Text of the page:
SURREY — Bindi Bains Mackoruk has good reason to be passionate about diet and fitness.
The 43-year-old Surrey mom of two has gone from an overweight teenager to one of the top ranked female bodybuilders in Canada. In August, she placed first place in Women's Open Figure and third place in Women's Masters figure (over age 35).
Her success and down to earth nature is now inspiring others to follow her example.
Bains Mackoruk said she had slimmed down by the time she had her first son, and when she was working out after he was born she saw women at the gym practising poses and learned they were prepping for a bodybuilding show. She said she had no idea what exactly was involved, but decided then that she would compete one day too.
It took until 2006, the year her second son was born for that to happen.
"Once he was born, when he was five days old, I was back at the gym," she said.
After that first show, she was hooked on bodybuilding as a competitive sport and hasn't looked back since. Her goal now that she is at the national level is to get her pro card, but it's a very difficult last step and to make it worse, the judging is rather subjective, so it's hard to know what sets you apart from the competition.
Bains Mackoruk is also a personal trainer at World Gym in Surrey.
"There's just something I feel like when I'm in that competition mode or the fact that I compete, it's just my calling. It's like something no one can take away from me."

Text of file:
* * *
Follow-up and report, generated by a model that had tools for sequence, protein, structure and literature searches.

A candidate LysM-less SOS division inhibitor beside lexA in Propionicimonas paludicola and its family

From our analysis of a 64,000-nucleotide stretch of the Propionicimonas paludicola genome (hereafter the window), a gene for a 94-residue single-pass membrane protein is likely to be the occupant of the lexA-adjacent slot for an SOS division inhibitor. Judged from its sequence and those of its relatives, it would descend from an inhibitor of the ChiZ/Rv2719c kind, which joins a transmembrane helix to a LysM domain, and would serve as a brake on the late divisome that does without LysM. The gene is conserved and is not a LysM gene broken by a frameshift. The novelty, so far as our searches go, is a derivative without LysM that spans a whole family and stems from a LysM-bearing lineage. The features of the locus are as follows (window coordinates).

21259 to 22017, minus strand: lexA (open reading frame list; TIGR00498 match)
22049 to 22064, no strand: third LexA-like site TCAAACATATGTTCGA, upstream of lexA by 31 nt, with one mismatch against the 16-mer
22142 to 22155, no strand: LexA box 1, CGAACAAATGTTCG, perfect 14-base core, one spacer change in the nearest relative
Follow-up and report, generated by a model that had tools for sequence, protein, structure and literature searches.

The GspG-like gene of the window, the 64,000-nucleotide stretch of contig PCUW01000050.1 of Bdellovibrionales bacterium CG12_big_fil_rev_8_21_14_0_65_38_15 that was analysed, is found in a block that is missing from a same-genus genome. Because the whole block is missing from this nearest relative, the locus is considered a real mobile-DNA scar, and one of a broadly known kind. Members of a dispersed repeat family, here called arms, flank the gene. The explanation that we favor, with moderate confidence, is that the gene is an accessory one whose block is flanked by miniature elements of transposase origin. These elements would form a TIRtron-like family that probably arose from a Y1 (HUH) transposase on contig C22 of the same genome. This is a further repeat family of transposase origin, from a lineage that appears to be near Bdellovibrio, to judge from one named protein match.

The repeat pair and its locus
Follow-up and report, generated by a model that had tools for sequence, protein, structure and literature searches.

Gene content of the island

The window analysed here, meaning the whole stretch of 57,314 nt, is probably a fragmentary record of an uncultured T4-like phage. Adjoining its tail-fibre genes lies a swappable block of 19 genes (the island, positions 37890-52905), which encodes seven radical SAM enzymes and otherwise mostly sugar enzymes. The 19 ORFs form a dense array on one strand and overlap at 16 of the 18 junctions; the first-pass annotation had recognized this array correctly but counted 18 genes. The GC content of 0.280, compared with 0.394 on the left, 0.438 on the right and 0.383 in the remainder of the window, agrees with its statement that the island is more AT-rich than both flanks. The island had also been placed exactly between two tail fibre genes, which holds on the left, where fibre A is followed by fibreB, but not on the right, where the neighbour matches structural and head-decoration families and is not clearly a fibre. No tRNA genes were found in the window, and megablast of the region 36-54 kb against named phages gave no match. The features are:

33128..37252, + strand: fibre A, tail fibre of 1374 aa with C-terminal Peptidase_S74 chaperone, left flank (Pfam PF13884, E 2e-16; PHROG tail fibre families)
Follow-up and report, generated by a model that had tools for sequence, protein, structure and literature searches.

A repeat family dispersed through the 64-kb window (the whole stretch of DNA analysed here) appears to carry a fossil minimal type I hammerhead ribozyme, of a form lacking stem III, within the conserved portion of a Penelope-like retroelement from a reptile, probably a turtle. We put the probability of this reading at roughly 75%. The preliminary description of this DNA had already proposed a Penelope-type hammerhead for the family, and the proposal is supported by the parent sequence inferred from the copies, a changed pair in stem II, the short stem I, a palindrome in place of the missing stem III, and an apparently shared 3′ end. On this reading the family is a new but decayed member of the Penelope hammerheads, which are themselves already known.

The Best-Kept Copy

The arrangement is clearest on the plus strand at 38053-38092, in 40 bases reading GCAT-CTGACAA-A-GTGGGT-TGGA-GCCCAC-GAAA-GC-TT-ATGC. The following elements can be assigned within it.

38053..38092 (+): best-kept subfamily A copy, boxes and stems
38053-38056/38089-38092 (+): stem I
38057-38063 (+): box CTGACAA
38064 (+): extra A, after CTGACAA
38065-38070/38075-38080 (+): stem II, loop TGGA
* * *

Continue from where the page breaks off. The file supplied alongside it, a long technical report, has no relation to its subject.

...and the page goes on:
And in return, she said her reward is in helping others - especially other Indo-Canadian women - to improve their health and their lives.
"I try to help people to get over their weight struggles and issues because I know what's it's like."
Bains Mackoruk said if she can do it, anyone can.
"I can relate. I wasn't just born with this body," she said.
It does take a lot of work and even sacrifice, but that's part of life, she pointed out. It's the exact same thing as when a student has to give up their free time to study in order to earn a degree.
When it comes to losing weight, the sacrifices generally involve changes to one's diet, though.
When asked what challenge is the toughest for her clients, she said, "Hands down I would have to say diet. Diet is 80 per cent, maybe even 90 per cent of weight loss."
Some people believe they can just work out a lot and continue to eat the same, but Bains Mackoruk disagrees.
"I do say to people if you can only choose one or the other I would say choose the diet over going to the gym because there is so much you can do at home on your own, but if you do change your eating, you will see change," she said.
Whereas eating poorly but working out can only ever give minimal results.
And she said that the typical Indo-Canadian diet is problematic. While the food itself may be healthy enough, the preparation methods often involve a lot of fat and make the food too rich.
To learn more about Bains Mackoruk's approach to fitness and training, email her firstname.lastname@example.org.
© Copyright 2013